Simple Summary Multiple Myeloma is a hematological neoplasia originating from malignant plasma cells in the bone marrow. Despite improved therapies, this cancer is still considered incurable due to the occurrence of relapse and the development of drug resistance over time. Apart from cell-intrinsic oncogenic features such as genetic alterations and clonal evolution that promote tumor growth and survival, increasing evidence demonstrates that the bone marrow microenvironment plays a pivotal role in disease relapse and immune evasion by providing protected bone marrow niches in which dormant myeloma cells are able to reside and survive. This review summarizes the ways of the bone marrow micromilieu to nurture and interact with the malignant plasma cells, and provides insights into the vicious cycles arising from the interplay between myeloma cells and their surrounding tumoral stroma. Knowledge about these mechanisms and how to disrupt them may provide novel approaches to targeting and tackling multiple myeloma. Growing evidence points to multiple myeloma (MM) and its stromal microenvironment using several mechanisms to subvert effective immune and anti-tumor responses. Recent advances have uncovered the tumor-stromal cell influence in regulating the immune-microenvironment and have envisioned targeting these suppressive pathways to improve therapeutic outcomes. Nevertheless, some subgroups of patients include those with particularly unfavorable prognoses. Biological stratification can be used to categorize patient-, disease- or therapy-related factors, or alternatively, these biological determinants can be included in a dynamic model that customizes a given treatment to a specific patient. Genetic heterogeneity and current knowledge enforce a systematic and comprehensive bench-to-bedside approach. Given the increasing role of cancer stem cells (CSCs) in better characterizing the pathogenesis of solid and hematological malignancies, disease relapse, and drug resistance, identifying and describing CSCs is of paramount importance in the management of MM. Even though the function of CSCs is well-known in other cancer types, their role in MM remains elusive. With this review, we aim to provide an update on MM homing and resilience in the bone marrow micro milieu. These data are particularly interesting for clinicians facing unmet medical needs while designing novel treatment approaches for MM.

The Route of the Malignant Plasma Cell in Its Survival Niche: Exploring {\textquotedblleft}Multiple Myelomas{\textquotedblright} / A. Giovanni Solimando, M.C. DA VIA', N. Bolli, T. Steinbrunn. - In: CANCERS. - ISSN 2072-6694. - 14:13(2022 Jul), pp. 3271.1-3271.14. [10.3390/cancers14133271]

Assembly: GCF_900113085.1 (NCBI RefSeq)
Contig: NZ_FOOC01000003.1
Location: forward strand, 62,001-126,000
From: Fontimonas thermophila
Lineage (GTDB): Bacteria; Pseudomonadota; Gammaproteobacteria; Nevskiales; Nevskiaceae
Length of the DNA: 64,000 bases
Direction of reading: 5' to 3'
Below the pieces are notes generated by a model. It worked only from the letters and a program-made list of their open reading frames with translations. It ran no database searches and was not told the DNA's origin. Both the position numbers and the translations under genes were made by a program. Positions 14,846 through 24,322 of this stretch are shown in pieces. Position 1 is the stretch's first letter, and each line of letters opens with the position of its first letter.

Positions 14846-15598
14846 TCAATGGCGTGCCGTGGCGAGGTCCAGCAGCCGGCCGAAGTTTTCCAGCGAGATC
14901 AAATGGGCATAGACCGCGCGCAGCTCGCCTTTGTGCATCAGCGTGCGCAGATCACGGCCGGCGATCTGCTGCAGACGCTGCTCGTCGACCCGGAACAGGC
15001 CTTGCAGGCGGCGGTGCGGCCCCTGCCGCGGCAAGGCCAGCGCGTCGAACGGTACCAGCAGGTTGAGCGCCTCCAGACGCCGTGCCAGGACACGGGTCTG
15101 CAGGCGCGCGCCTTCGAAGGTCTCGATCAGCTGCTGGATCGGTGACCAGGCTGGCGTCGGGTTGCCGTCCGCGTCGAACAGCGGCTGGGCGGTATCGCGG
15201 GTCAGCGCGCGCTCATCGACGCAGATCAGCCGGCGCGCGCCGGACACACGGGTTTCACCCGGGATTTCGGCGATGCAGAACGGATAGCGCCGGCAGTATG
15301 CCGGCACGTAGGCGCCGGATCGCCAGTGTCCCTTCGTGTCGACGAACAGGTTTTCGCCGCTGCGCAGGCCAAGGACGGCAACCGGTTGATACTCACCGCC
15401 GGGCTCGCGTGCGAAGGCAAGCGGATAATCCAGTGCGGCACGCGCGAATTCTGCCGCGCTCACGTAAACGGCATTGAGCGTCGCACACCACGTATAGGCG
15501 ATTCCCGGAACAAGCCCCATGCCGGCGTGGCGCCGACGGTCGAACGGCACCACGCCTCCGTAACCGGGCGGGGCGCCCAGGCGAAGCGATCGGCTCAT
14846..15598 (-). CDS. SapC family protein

The Route of the Malignant Plasma Cell in Its Survival Niche: Exploring {\textquotedblleft}Multiple Myelomas{\textquotedblright}

M.C. DA VIA';N. Bolli;
2022

Abstract

Simple Summary Multiple Myeloma is a hematological neoplasia originating from malignant plasma cells in the bone marrow. Despite improved therapies, this cancer is still considered incurable due to the occurrence of relapse and the development of drug resistance over time. Apart from cell-intrinsic oncogenic features such as genetic alterations and clonal evolution that promote tumor growth and survival, increasing evidence demonstrates that the bone marrow microenvironment plays a pivotal role in disease relapse and immune evasion by providing protected bone marrow niches in which dormant myeloma cells are able to reside and survive. This review summarizes the ways of the bone marrow micromilieu to nurture and interact with the malignant plasma cells, and provides insights into the vicious cycles arising from the interplay between myeloma cells and their surrounding tumoral stroma. Knowledge about these mechanisms and how to disrupt them may provide novel approaches to targeting and tackling multiple myeloma. Growing evidence points to multiple myeloma (MM) and its stromal microenvironment using several mechanisms to subvert effective immune and anti-tumor responses. Recent advances have uncovered the tumor-stromal cell influence in regulating the immune-microenvironment and have envisioned targeting these suppressive pathways to improve therapeutic outcomes. Nevertheless, some subgroups of patients include those with particularly unfavorable prognoses. Biological stratification can be used to categorize patient-, disease- or therapy-related factors, or alternatively, these biological determinants can be included in a dynamic model that customizes a given treatment to a specific patient. Genetic heterogeneity and current knowledge enforce a systematic and comprehensive bench-to-bedside approach. Given the increasing role of cancer stem cells (CSCs) in better characterizing the pathogenesis of solid and hematological malignancies, disease relapse, and drug resistance, identifying and describing CSCs is of paramount importance in the management of MM. Even though the function of CSCs is well-known in other cancer types, their role in MM remains elusive. With this review, we aim to provide an update on MM homing and resilience in the bone marrow micro milieu. These data are particularly interesting for clinicians facing unmet medical needs while designing novel treatment approaches for MM.
adhesion molecule; bone marrow homing; bone marrow immune-microenvironment; cancer stem cells; cell of origin; multiple myeloma;
Settore MED/15 - Malattie del Sangue
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Utilizza questo identificativo per citare o creare un link a questo documento: https://hdl.handle.net/2434/940748
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